Regulatory hurdles for stem cells

One of the big surprises to me from the stem cell meeting in San Francisco over the weekend was the academic's astonishment at how much work is involved in getting a treatment approved by the Food and Drug Administration (FDA). If stem cell treatments are to be patented and sold like prescription drugs which is a likely commercial goal then a very long process is involved and the steps are many. The steps are also highly regulated by authorities, including the U.S. FDA, the European Agency for the Evaluation of Medicinal Products (EMEA), and the Korean Food and Drug Administration (KFDA).

Human clinical studies can begin in another country or in a U.S. state as long as no international or interstate commerce is involved an unlikely situation given the limited sources of stem cells. To conduct studies that may eventually be used to support a marketing application, an Investigational New Drug Application (IND) is necessary and this requires extensive, highly regimented animal (preclinical) studies. Essentially, the group planning to introduce the stem cells into humans has to 1) characterize the material to be used, 2) demonstrate that the material is unlikely to cause safety problems, and 3) provide a plan for Phase I clinical studies.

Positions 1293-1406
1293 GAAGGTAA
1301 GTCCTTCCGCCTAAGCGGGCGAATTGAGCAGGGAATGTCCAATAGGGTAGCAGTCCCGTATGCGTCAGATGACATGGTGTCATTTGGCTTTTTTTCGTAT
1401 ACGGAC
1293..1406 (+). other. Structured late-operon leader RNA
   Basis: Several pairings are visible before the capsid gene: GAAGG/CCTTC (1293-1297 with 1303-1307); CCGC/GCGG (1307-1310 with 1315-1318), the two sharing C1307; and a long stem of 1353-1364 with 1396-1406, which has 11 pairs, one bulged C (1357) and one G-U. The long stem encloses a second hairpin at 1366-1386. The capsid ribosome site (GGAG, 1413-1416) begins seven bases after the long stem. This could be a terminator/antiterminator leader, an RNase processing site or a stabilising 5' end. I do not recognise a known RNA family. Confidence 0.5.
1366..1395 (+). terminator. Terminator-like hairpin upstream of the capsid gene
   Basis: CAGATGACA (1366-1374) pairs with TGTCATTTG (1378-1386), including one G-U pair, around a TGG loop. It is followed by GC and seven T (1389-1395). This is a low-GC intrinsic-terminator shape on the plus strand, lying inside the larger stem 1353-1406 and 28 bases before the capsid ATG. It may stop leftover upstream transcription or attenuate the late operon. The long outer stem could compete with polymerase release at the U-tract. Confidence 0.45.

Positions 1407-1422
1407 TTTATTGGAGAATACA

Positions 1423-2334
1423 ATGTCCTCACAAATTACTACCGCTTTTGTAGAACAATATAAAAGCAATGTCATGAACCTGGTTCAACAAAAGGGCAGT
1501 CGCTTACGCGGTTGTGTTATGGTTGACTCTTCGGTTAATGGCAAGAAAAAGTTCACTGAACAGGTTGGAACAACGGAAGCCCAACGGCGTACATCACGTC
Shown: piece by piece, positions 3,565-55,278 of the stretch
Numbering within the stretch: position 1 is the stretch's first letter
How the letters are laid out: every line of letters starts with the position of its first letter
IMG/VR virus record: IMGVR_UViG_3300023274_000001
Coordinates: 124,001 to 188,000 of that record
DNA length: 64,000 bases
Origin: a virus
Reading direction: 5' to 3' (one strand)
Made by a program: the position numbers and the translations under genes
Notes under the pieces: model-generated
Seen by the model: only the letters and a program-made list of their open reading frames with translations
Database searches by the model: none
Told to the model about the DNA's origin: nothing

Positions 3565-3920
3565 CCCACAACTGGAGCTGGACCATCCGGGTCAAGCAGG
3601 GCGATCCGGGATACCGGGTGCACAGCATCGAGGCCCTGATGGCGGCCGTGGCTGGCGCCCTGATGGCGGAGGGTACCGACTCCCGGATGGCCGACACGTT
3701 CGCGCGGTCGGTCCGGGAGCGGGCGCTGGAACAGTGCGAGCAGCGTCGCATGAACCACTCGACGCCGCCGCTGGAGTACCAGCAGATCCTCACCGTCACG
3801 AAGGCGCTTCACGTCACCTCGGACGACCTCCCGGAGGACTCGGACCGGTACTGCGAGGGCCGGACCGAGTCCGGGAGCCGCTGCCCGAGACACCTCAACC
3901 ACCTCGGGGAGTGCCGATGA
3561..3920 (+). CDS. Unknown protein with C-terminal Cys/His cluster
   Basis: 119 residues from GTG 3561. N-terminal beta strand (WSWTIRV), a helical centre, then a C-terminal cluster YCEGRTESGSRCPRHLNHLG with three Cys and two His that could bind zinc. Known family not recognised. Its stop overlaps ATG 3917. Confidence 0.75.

A natural question to be asked here is, why hasn't this been necessary with bone marrow transplants? The issue is profit. A group, such as a particular hospital, can perform medical procedures considered beneficial for patients without all the FDA regulatory process as long as the procedure is not patented and sold for profit. That the facility performing the procedure is likely to make a profit because patients will go there rather than elsewhere is a different issue. Thus, we have bypass surgery for heart conditions as an accepted medical procedure, but balloons inserted into blood vessels to increase blood flow were patented and met FDA regulations as medical devices.

So, as we consider the future of stem cell research we also have to include the American free-market system and the need for companies to make a profit. What I don't know and perhaps a reader can tell us what regulations companies that offer fetal stem cell treatments or cord blood cell treatments have to follow.

Marie Godfrey, PhD

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